Then like a breath of fresh air the Lord breathes His Spirit of forgiveness into us and sends us as He was sent by His Father. Was Jesus sent to rub your nose in your sins? Was Jesus sent to remind you of your sins and make your suffer for them? No, Jesus was sent to pay for your sins and forgive them. He shows you His pierced hands and side as proof that the paying is done and over. What remains is the forgiving.

Easter is this too. The Lord gives us the peace of forgiven sins at Easter. He gives us the Spirit of forgiveness at Easer. And He gives us the power to forgive sins. People wouldn't yawn and say, "Is that all?" if we had the power to heal cancer. They wouldn't say, "Is that all?" if we had the power to make gold, smarter people, or happier ones. Yet, the power to forgive sins is a greater treasure than all the others. You get healed of cancer, and you'll still die from something else. You get all the gold in the world and that won't keep you out of hell. You become the smartest person in the world or get a lifetime of happiness and that won't stop death and judgment. And if at death you're found with your sins, they'll sink you faster and deeper into hell than a lead weight will sink you in water.

If you know this; if you see this, if you feel this then Easter is a whole lot more than a risen Jesus. It's not just about the dead living again in flesh and blood. It's about the dead living free from sins, from guilt, and from the power of the devil. That this is the big message of Easter is proven by this text. Jesus doesn't show up saying, "See flesh and blood can rise from the dead." He doesn't show up saying, "Look you can live forever." No, Jesus shows up giving the peace of forgiveness, the Spirit of forgiveness, and the actual power to forgive sins. Forgiveness is the big thing that Easter brings.

But as I said, if your sins aren't that big a deal, then Easter won't be a big deal either. But if sin is a big deal, Easter will be too. Hear 2 quotes from a Luther sermon on our text, "Christ is instituting here an office through which all the sins of the entire world may be forgiven and taken away." Again, in the same sermon, "If you desire forgiveness of your sins, you must seek it from the word, out of the mouth of the apostles, or the pastor, or a fellow Christian. If it is not sought from the mouth of the apostles, the pastor, or another Christian, you will not obtain forgiveness of sins" (in Klug, House Postil II, 66; 70).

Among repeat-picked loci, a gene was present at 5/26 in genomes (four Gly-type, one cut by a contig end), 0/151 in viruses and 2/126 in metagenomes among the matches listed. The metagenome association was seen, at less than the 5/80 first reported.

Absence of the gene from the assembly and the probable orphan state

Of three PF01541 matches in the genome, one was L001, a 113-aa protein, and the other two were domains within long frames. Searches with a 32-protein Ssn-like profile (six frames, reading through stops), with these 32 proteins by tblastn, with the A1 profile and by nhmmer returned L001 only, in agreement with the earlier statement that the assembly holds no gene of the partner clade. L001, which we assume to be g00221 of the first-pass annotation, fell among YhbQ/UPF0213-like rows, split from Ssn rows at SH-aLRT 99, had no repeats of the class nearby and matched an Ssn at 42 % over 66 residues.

Easter is the end of us trying to convince ourselves that we are forgiven. Easter is the end of us trying by positive thinking to rise above our guilt. Easter is the end of us being insecure, uncertain, or up in the air about our sins being completely forgiven. We are forgiven as sure as Christ is risen from the dead when our pastor or even a brother or sister in Christ sends our sins away from us. The words, "I forgive you," flowing out of their mouth pick up our sins off our back, off our conscience, off our heart and send them far away from us forever.

When Jesus rose from the dead, think of all things He could've talked about. He could've talked about the experience of dying. That would have been interesting, wouldn't it? He could've talked about His victorious descent into hell that send the demons running for cover. He could've talked about His resurrected body passing through locked doors. But He didn't speak of any of these things. He came back forgiving and speaking of forgiveness. He was not sent by His Father and He does not send us to entertain people, uplift people, or organize them to do good things for God. He was sent by the Father and so sends us to forgive sins.

Forgiveness changes everything. What made Peter go from a minder of things of men, a denier of Jesus, and a brash fool to a faithful apostle and martyr for the faith? Forgiveness. What made doubting Thomas become the apostle to India? Forgiveness. What turned ordinary, fallen, sinful men into apostles, a foundation for the Church? Forgiveness. You don't need training, you don't need motivating, you don't need bigger faith. You need forgiveness. You see your sins and you at the same place and time. Wrong. That's not how Jesus sees it. You think because you can't forget your sins; Jesus can't. Wrong. Jesus doesn't go by your thoughts but by His. You think because others remind you of your sins that Jesus does too. Wrong. Jesus doesn't go by the words of the person who won't forgive you but by the words of the one who does.

That's all Easter is: the peace of forgiveness, the Spirit of forgiveness, and the power to forgive. Even on Low Sunday, that's quite a high. Amen

Rev. Paul R. Harris

Trinity Lutheran Church, Austin, Texas

Second Sunday of Easter (20070415); John 20: 19-23